“Given how dramatic the current housing shortage is, our society cannot at present afford a further political increase in the cost of housing construction and renting.”
At the same time, he pointed to the ongoing conflict of objectives between creating affordable housing and improving climate protection. The importance of lowering the energy consumptions and CO2 emissions of properties has to be weighed against the high costs involved. “Given how dramatic the current housing shortage is, our society cannot at present afford a further political increase in the cost of housing construction and renting.” For this reason, the vdp welcomes the push by Federal Minister of Building, Klara Geywitz, to postpone the further tightening of climate protection requirements for housing construction and to stick to the EH 55 standard for the time being, as the EH 55 already leads to considerably lower CO2 emissions and energy consumptions than those of most existing properties.
Moreover, the vdp reiterated its demand that the systemic risk buffer for residential property financing, introduced at the beginning of this year, be scrapped. The buffer requires credit institutions to hold 2% more capital for residential property loans. “The systemic risk buffer fights a problem that did not exist when it was announced or when it was introduced, and certainly does not exist now,” Tolckmitt remarked. The opposite is true, he explained: the buffer works counter to the goal of increasing the housing supply because it makes lending more expensive, thereby making it more difficult to create new housing.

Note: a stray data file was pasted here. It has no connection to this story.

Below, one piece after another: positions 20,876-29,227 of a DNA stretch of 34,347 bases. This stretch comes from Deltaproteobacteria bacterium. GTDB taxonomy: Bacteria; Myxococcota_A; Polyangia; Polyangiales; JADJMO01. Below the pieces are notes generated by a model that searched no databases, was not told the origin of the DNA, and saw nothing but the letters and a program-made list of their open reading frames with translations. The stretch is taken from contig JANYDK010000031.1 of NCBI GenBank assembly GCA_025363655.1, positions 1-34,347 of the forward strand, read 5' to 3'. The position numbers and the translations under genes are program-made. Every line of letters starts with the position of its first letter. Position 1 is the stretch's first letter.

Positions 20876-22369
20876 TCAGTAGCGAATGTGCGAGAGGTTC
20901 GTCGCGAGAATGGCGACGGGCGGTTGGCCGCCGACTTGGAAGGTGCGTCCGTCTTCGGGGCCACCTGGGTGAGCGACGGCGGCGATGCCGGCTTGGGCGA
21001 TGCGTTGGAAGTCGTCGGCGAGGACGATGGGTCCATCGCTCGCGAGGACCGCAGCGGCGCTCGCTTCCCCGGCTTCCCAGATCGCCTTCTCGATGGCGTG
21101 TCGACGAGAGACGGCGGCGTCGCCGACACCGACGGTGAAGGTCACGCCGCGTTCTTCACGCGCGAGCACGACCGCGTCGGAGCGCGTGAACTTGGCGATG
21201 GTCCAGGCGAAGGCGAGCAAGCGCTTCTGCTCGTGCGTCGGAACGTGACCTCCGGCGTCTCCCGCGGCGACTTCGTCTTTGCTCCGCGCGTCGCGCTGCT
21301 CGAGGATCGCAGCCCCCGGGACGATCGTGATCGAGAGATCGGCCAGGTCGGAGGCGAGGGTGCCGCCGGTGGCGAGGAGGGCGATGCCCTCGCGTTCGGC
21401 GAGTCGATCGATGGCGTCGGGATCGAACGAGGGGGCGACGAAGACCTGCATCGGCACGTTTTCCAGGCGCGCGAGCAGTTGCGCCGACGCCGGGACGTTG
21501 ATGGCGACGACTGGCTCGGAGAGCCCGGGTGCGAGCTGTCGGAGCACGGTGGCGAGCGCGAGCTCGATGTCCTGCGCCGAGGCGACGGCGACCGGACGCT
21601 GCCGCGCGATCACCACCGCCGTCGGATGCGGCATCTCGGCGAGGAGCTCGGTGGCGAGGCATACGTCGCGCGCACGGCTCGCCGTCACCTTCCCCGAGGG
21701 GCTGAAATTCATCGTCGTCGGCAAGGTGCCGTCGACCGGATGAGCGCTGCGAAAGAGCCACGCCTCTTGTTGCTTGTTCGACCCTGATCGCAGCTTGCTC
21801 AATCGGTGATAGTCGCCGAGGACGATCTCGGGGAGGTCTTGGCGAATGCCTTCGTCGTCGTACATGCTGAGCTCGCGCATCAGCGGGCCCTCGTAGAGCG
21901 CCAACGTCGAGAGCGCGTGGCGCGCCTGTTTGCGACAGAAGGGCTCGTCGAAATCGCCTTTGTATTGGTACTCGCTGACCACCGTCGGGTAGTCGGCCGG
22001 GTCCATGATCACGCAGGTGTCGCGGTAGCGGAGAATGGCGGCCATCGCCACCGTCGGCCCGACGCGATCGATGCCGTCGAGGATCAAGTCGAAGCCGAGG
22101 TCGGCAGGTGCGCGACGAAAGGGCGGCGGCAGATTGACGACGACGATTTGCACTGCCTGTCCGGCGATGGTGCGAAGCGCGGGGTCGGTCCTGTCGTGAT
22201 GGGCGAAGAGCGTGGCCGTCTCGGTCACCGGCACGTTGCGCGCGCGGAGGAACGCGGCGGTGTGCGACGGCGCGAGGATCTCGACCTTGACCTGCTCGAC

None of the above measures on its own will remedy the housing shortage, the vdp’s Chief Executive conceded. But: “Combined, the measures can activate the housing market. It is high time that an extensive bundle of measures to stimulate the housing market was set in motion.”
“Deliberations on tenancy law regulation are completely counter-productive.”
On the other hand, the SPD parliamentary group’s deliberations on tenancy law regulation are completely counter-productive, Tolckmitt continued. The vdp vehemently opposes proposals such as extending the so-called rent brake, lowering the cap on rent increases to 11% or a nationwide rent freeze, as they would not result in new housing. Worse than that, they would further restrict housing construction because they would block the market and deter investors. “The rent cap, that political experiment by the Berlin Senate Government, failed two and a half years ago.” The paralysing effect discussions surrounding the Berlin rent cap had on the housing market and housing construction is ongoing, Tolckmitt commented, as the particularly sharp rise in rents in Berlin compared with Germany as a whole demonstrates. Anyone wanting to build or let needs a viable economic perspective – but there is no such thing in totally over-regulated markets. “After the negative experience the SPD-led Senate Government in Berlin had with the rent cap in the German capital, it is impossible to understand why the SPD parliamentary group should now want to make the same mistake across all of Germany,” Tolckmitt remarked.